Step Two: Research

In addition to learning, it was important that I see how these techniques were put into practice. This was my favorite step as it got me back to what made me want to be a screenwriter in the first place: watching movies.

I compiled a list of movies that I either fell in line with the style that I felt was similar to my own or were written by writers that I looked up to. I was then able to screen these movies for myself, paying special attention to the structural and formulaic elements that the books described as being of major importance in all films. Since I was in the midst of writing what could be categorized as a “Coming of Age” story, I selected movies from similar genres. I re-watched favorites Almost Famous and Garden State and discovered The Wackness and The Last Picture Show.

Taking a recommendation from one of Blake Snyder’s books, I created Beat Sheets for all the films, taking note of when and how acts shift and when the B story line is created, etc. This step gave me a real appreciation for just how important structure is in a screenplay. Even the most unique stories, such as Garden State, hit most of the key structural points for plot twists. It’s an art form.

Step Three: Experience

One of the greatest elements of school is being able to learn a range of skills by doing the work needed to acquire the knowledge. Since reading and listening can only teach you so much, it becomes essential to actually do. For me that meant one thing: getting on set.

Living in New York, this step was easier for me than most. I simply tracked down PA jobs through my previous work contacts or any of a number of helpful online sites ( is a personal favorite). As I was always told: in order to be a writer, you need to understand how your words will be brought to life.

I found my first job working on the set of the short-lived CW series The Beautiful Life: TBL where I lost my job in a mid-shoot meeting along with hundreds of other workers when the show was cancelled. I then found subsequent work part-time on Gossip Girl, Damages, Wall Street 2 and many others.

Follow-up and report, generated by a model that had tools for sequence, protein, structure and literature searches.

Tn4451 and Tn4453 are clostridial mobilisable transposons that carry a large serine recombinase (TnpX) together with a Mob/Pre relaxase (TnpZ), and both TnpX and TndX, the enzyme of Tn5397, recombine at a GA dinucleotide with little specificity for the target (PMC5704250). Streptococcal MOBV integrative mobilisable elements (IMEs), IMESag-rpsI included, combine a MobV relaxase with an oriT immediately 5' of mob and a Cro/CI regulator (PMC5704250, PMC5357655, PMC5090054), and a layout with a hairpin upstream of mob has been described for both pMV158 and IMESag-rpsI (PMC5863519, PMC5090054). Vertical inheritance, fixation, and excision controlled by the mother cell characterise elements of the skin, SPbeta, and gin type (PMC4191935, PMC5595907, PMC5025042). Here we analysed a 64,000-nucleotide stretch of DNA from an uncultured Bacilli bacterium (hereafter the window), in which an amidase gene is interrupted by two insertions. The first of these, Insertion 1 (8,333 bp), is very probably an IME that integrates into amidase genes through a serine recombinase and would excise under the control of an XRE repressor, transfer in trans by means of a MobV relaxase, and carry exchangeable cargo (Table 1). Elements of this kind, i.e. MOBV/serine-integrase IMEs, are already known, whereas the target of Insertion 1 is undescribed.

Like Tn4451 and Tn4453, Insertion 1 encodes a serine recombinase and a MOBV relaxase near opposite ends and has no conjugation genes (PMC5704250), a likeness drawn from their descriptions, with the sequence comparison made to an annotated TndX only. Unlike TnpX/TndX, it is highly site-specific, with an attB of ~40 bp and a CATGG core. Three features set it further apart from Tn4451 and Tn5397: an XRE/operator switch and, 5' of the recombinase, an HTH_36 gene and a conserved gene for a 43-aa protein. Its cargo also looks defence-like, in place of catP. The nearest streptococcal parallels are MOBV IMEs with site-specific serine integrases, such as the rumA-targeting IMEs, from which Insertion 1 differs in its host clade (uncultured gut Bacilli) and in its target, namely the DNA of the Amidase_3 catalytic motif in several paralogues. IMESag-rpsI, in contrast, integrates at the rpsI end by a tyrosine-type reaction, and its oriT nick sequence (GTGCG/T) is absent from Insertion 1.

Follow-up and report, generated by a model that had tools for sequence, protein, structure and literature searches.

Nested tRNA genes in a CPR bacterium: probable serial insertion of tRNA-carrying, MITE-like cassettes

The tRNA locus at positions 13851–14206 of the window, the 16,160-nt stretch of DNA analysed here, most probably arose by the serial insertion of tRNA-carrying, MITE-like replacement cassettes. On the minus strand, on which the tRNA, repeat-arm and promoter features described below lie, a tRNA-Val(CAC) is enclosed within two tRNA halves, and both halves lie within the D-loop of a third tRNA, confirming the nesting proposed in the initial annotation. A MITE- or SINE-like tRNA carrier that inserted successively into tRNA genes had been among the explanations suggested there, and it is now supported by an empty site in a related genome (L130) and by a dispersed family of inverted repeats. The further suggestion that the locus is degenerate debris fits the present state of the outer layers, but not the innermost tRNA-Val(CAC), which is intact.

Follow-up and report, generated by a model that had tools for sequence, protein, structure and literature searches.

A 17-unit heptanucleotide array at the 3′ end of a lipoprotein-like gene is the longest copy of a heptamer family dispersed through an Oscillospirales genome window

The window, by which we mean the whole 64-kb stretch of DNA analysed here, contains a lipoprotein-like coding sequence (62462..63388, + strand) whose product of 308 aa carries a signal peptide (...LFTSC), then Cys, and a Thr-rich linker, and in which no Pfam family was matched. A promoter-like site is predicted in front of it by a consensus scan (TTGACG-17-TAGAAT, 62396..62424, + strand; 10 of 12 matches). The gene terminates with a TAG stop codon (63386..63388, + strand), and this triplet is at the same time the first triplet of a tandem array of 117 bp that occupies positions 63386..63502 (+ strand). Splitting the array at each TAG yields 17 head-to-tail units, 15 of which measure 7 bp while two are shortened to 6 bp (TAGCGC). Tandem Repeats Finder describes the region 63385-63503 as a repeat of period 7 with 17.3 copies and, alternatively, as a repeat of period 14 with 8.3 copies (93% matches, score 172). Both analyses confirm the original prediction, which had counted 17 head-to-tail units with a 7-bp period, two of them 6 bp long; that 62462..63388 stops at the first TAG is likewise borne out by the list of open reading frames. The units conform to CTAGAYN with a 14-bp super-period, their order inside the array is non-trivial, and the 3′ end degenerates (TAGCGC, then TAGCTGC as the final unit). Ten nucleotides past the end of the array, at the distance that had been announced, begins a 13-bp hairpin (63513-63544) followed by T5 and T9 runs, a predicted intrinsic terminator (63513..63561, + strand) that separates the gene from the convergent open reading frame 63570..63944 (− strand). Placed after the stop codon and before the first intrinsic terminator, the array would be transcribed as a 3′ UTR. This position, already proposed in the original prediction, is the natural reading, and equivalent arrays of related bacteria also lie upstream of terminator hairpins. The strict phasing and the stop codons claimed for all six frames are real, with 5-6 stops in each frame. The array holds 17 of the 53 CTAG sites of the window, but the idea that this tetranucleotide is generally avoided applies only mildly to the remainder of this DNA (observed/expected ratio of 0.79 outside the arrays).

If you haven’t been on set, you can’t have a complete grasp of the process of bringing a movie to life. When you’re able to understand how each shot is lit, blocked, filmed, etc. you are able to craft scenes that make it easier for all of these elements to mesh together in harmony. Thus, you are able to write scripts that will turn into better movies.

Step Four: Write

This seems a little far down for the reason why I created my film school, but I learned that patience is a virtue in writing as well. It’s easy to dive into a document and start typing away. You may think your ideas are fleshed out and your characters are full, but chances are, you’re going to run into some problems along the way, whether you know it or not while writing. By giving yourself the time to research and organize your thoughts before writing, the story comes together in a much clearer and stronger form.

I picked one project that I wanted to focus the majority of my attention on and another project that I would use as a secondary assignment. For me, it’s always important to take a break and step back from a project, but I wanted to still have something to work on. This meant, having one script that was fully outlined and I was ready to begin typing, and having another project that I was still crafting in my head; figuring out the characters, the plot points etc.

My Film School is only one semester old and I don’t have any heart-warming sale to show for it, but the difference in my productivity and overall knowledge of craft is astounding. My brain is working at a faster pace and I’m putting out work that I am more confident in than anything else I had finished prior. Not to mention the fact that my days are fun again. In a grueling quest that frequently leaves me beaten down, that’s not a bad way to spend my time.

Eric Samulski is a writer/filmmaker born and raised in NYC. His writing has been accepted in The MacGuffin and the Gotham Gazette. He is currently working on a web-series and serves as an Associate Producer at Tenth Man Productions.